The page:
The fate of Delhi government’s ambitious plan to send back beggars from neighbouring states — who form a major chunk of the 60,000 beggars in the city — now hangs in balance.
On Thursday, Justice SK Kaul and Justice Ajit Bharihoke, who had been initiating tough steps to curb the menace and ordered their repatriation, decided not to hear the case any further on the request of the Centre and transferred the matter to Chief Justice AP Shah’s court.
It comes close on the heels of Justice Shah, who is hearing a divergent public interest litigation (PIL) seeking decriminalisation of begging, criticising the Delhi government for taking steps to send back beggars of other states and comparing it to the Maharashtra Navnirman Sena’s (MNS) anti-migrants campaign.
The repatriation, aimed at presenting a “clean face” of the city before the Commonwealth Games, was being taken up on an urgent basis with two high-level meetings discussing the modalities, including their rehabilitation in native states.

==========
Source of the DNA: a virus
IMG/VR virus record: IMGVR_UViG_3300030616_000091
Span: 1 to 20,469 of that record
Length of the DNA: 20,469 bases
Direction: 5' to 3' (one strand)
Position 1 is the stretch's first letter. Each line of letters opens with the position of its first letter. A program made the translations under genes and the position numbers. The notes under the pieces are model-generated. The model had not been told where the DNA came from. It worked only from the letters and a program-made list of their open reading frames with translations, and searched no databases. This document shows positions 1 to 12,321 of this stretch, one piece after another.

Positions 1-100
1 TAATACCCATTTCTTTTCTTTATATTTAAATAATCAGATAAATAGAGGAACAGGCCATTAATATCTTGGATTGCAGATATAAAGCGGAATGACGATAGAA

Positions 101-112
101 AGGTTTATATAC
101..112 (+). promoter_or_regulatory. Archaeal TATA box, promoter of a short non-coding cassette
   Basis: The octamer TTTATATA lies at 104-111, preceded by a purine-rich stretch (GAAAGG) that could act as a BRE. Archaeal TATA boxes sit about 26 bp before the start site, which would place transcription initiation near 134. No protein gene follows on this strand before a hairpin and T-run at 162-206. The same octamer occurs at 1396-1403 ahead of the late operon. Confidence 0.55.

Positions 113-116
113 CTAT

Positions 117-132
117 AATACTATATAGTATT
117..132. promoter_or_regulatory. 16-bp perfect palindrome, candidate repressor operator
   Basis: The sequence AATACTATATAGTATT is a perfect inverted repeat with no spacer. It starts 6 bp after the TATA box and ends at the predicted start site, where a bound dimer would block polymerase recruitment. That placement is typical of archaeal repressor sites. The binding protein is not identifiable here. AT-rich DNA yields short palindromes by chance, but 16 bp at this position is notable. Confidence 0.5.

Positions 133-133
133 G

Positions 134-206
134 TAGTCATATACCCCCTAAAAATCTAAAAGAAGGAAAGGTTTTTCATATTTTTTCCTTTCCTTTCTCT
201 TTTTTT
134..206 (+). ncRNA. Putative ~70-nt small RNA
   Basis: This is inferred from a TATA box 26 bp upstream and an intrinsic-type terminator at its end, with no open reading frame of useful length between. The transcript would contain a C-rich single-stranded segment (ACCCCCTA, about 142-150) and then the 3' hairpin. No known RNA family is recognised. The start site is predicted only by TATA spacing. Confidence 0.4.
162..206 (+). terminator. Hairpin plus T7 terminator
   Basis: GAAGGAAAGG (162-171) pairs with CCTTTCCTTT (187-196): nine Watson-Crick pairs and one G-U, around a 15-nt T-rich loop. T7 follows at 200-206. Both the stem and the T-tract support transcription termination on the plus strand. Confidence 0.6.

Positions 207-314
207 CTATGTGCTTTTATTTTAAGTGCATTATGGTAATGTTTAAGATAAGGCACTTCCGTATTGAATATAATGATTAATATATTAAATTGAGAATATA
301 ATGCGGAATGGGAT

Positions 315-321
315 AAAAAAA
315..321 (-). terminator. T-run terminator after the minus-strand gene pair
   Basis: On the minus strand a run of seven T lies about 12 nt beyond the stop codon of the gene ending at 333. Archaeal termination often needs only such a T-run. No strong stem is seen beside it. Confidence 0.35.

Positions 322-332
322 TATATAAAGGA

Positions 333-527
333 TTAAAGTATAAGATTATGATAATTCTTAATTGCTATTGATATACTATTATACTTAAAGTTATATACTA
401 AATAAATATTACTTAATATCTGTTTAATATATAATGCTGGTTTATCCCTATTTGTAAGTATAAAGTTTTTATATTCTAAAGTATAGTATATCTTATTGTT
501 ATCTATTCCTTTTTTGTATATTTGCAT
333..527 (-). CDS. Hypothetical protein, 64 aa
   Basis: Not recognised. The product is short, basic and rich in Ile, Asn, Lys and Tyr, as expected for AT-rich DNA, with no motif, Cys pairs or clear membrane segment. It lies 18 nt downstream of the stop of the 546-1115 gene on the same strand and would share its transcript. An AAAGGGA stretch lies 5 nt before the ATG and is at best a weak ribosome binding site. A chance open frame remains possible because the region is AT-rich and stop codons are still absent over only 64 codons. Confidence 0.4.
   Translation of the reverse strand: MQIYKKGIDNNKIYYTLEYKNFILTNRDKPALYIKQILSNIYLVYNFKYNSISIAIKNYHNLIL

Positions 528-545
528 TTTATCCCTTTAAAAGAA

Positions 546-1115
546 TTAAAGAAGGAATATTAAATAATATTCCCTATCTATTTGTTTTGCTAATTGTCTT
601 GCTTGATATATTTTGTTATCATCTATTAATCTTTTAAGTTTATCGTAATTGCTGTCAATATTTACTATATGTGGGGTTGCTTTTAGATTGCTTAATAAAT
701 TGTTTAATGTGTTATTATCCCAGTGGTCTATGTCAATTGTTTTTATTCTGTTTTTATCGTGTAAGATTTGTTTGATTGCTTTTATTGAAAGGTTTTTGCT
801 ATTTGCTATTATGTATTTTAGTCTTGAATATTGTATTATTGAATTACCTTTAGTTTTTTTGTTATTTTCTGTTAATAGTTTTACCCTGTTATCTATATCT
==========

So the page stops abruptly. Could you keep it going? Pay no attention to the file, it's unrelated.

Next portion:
Officials of the Centre, state, police and lawyers representing them had been in a quandary with two courts taking divergent stands on the same issue.
Jatan Singh, the Centre’s counsel, conveyed the confusion before Justice Kaul’s bench on Thursday. He said that while one bench ordered the repatriation, the other bench opposed it. Thus, clubbing of the hearing was essential to avoid conflicting decisions.
Justice Kaul’s bench had ordered mobile courts to prosecute beggars. Two such courts are already functional.
Justice Shah is hearing a PIL filed by a beggar, Shanti Devi, supported by well-known social worker Harsh Mander and eminent human rights lawyer Colin Gonsalves
Contending that a person who begs for living cannot be treated as a criminal, the PIL questions the constitutional validity of the Bombay Prevention of Begging Act, 1959, in force in Delhi which criminalised begging. The PIL says it runs contrary to the rights to equality, life and personal liberty.